Much is being made of the latest report from the Census Bureau on divorce in America. Using data from the American Community Survey, Census records show that the rate of divorce is increasing for the third straight year in 2012. The overall implication is that as the economy gets better, couples are more apt to call it quits. So this becomes a counter-economic indicator, which is greeted with a certain degree of glee, and less sadness at the diminishing importance of staying married.
US Census Bureau
But going a step further, it's known that married households are the richest households, so we may want to hold off on throwing rice and toasting the unhappy couple finding that fork in the road. Still, the theme in America in 2014 is the freedom to quit. Young adults are told quitting the job market and chilling in their parents' basement is a good thing. Up to 2.5 million Americans will be seduced to quit work, or to work part-time because of the healthcare law, and joining the millions that have already bailed out on the jobs market.
All of these developments along with the spike in food stamps, and other welfare programs are being touted as great signs of a caring nation. But it's really a reflection of an entitled nation, flaying away in the murky quicksand of lower expectations of ourselves and our country. There was a time when stronger economies provided the backdrop for stronger marriages. In 1958, women got divorced at the rate of 8.5 per 1,000 married couples, only to see that number surge during the hippie-era of free love in the 1960s.
Then California changed its law to "no fault" divorce in 1970, which opened the door for quick and easy divorces. Consequently, the ratio for women spiked from 15.0% to 23.0% by 1979. The election and old-fashioned values, brought back to the national stage during the Reagan years, saw the number decline; but things have changed, values have changed, and it's optimum happiness with less effort or heartache. So, we celebrate a surge in divorces, as great anecdotal evidence that America is a great place to live.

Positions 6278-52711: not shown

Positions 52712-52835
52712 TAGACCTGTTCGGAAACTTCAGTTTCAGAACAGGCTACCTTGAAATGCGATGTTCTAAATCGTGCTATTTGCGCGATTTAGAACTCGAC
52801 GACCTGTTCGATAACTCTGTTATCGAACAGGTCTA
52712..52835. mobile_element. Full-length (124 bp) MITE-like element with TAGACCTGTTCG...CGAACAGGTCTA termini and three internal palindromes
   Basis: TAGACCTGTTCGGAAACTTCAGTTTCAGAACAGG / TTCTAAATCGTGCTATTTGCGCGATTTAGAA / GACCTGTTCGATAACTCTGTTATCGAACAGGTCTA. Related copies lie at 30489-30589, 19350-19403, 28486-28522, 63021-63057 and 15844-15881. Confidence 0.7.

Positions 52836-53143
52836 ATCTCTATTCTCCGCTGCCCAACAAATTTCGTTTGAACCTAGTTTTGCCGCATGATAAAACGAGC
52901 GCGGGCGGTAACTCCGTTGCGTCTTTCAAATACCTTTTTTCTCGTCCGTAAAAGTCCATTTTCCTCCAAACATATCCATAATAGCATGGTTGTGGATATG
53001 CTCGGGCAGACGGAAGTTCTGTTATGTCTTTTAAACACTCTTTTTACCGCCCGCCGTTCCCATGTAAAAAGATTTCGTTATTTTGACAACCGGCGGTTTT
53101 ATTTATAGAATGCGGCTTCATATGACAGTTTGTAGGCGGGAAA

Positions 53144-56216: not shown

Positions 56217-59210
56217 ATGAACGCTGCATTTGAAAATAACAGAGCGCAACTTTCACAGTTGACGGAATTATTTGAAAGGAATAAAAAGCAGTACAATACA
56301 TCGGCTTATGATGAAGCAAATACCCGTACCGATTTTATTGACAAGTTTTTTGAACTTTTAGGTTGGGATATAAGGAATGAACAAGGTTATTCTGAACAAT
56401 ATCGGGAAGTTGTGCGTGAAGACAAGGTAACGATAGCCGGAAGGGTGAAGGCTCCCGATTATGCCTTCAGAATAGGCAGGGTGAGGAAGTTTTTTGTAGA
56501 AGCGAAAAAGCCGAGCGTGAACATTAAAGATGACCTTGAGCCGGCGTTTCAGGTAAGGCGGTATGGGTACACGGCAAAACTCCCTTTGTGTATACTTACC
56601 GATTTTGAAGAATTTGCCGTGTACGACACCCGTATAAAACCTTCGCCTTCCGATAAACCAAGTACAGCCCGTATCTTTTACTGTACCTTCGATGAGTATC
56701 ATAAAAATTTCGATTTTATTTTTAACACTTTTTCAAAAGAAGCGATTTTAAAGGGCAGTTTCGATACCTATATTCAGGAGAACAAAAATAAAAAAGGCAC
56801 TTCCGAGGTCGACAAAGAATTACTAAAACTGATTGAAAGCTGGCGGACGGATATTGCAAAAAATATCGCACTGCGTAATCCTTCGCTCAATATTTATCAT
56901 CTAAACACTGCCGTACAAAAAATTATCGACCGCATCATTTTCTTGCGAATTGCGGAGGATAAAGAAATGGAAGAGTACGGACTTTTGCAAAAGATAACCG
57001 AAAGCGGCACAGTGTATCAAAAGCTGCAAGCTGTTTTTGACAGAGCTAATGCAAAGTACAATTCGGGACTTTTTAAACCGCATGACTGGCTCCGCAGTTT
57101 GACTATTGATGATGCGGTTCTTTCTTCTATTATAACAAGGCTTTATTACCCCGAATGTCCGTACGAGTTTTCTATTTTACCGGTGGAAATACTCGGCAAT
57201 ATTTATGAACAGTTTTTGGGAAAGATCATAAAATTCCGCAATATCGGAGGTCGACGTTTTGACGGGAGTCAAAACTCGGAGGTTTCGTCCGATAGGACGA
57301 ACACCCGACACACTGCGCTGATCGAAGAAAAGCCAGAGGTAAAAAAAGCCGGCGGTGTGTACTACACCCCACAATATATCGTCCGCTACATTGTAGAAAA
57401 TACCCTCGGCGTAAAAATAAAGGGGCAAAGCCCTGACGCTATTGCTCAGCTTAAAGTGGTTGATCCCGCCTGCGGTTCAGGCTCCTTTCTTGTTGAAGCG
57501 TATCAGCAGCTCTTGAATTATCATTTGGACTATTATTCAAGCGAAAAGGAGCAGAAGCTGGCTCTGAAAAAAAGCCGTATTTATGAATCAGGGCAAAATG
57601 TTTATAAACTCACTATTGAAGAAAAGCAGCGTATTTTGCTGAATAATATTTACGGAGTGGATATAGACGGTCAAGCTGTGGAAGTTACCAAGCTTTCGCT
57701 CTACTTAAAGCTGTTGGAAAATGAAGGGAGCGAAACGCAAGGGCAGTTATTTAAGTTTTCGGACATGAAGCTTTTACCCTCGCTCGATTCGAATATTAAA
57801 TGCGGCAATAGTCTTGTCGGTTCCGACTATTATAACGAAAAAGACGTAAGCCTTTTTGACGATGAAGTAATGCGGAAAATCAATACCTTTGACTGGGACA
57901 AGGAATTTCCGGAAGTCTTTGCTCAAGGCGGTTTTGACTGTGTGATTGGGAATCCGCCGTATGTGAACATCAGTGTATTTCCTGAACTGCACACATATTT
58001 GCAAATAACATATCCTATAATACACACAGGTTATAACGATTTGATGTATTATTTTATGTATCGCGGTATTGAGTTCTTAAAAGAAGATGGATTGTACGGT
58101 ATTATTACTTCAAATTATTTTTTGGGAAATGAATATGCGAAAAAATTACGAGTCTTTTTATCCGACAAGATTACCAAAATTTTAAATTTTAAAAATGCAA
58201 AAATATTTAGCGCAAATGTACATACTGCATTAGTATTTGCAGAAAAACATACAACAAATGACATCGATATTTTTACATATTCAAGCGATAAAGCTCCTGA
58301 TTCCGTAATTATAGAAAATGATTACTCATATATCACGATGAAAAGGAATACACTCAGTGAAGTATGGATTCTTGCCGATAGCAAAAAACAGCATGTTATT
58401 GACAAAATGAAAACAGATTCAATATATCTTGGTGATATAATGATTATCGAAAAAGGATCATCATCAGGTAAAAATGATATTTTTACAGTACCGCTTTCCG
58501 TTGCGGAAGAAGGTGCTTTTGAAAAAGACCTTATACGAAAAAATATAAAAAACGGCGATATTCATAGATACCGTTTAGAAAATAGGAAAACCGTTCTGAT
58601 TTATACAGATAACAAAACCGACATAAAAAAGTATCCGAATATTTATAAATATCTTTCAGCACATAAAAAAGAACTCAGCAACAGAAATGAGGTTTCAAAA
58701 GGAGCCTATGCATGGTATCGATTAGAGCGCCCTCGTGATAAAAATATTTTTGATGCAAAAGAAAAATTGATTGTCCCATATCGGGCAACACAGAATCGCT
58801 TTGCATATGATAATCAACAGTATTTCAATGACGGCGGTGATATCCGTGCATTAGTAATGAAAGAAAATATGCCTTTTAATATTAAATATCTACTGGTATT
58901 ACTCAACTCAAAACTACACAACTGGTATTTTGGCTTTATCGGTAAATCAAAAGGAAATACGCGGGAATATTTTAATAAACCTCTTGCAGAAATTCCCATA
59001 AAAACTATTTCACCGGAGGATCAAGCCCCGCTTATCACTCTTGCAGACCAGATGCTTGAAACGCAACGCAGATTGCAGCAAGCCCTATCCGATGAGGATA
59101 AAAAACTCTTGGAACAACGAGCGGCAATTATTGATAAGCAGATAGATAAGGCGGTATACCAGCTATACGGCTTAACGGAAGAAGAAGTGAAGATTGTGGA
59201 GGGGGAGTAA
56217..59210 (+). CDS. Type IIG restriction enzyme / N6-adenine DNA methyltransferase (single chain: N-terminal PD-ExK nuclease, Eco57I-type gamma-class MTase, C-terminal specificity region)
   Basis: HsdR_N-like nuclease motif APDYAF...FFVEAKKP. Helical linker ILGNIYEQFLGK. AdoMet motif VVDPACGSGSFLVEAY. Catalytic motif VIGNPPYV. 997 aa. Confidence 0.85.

The (real) Good Quit
The other "quits" we should be embracing are of those people telling their bosses to "take this job and shove it!" That number continues to edge higher as job openings have rebounded back to pre-recession levels.
All of these things are good but anecdotal, and probably won't carry much weight when the FOMC minutes are released. There is much anticipation, but it's unlikely this new Fed has enough clean data to make any major decisions. I still can't believe that some thought Yellen was dovish in her testimony - it's her rep, but she doesn't want to upset the applecart. The new Federal Reserve chairwoman will join unhappy couples and unhappy workers, and "quit" so the market can embrace reality and remove a lingering stigma that's kept millions out of the rally in bitter coldness.
Housing construction data for January came as a disappointment: annually adjusted starts were 880,000 or down 16% month to month and well below the 950,000 consensus. That being said, there is certainly an element of weather in the data. In particular, the Midwest which showed a 68% drop month to month which is so outrageous it appears to be an outlier that was frozen by the weather. Oddly though the northeast was up 62% due to volatility in multi-family units; but still single-family starts in the northeast were up 2%.
Given the volatility in starts and the affects of weather, it's probably better to look at permits for new construction this month, which will have been much less affected by the cold. Permits were much tamer, down 5% month to month but of course still a decline. Permits for single-family units were down even less, by 1.3%.
Nevertheless, single-family permits are still down 6.1% over the past two months, indicating that even though the cold must have played a part in the data during the month there also seems to be some underlying weakness. The good news though is that supply for existing homes (as measured by the NAR) has also continued to fall back towards the lows meaning there remains room for new construction. Conditions in the housing market will become clearer moving into the spring, as the weather heats up and the home selling season gets into gear.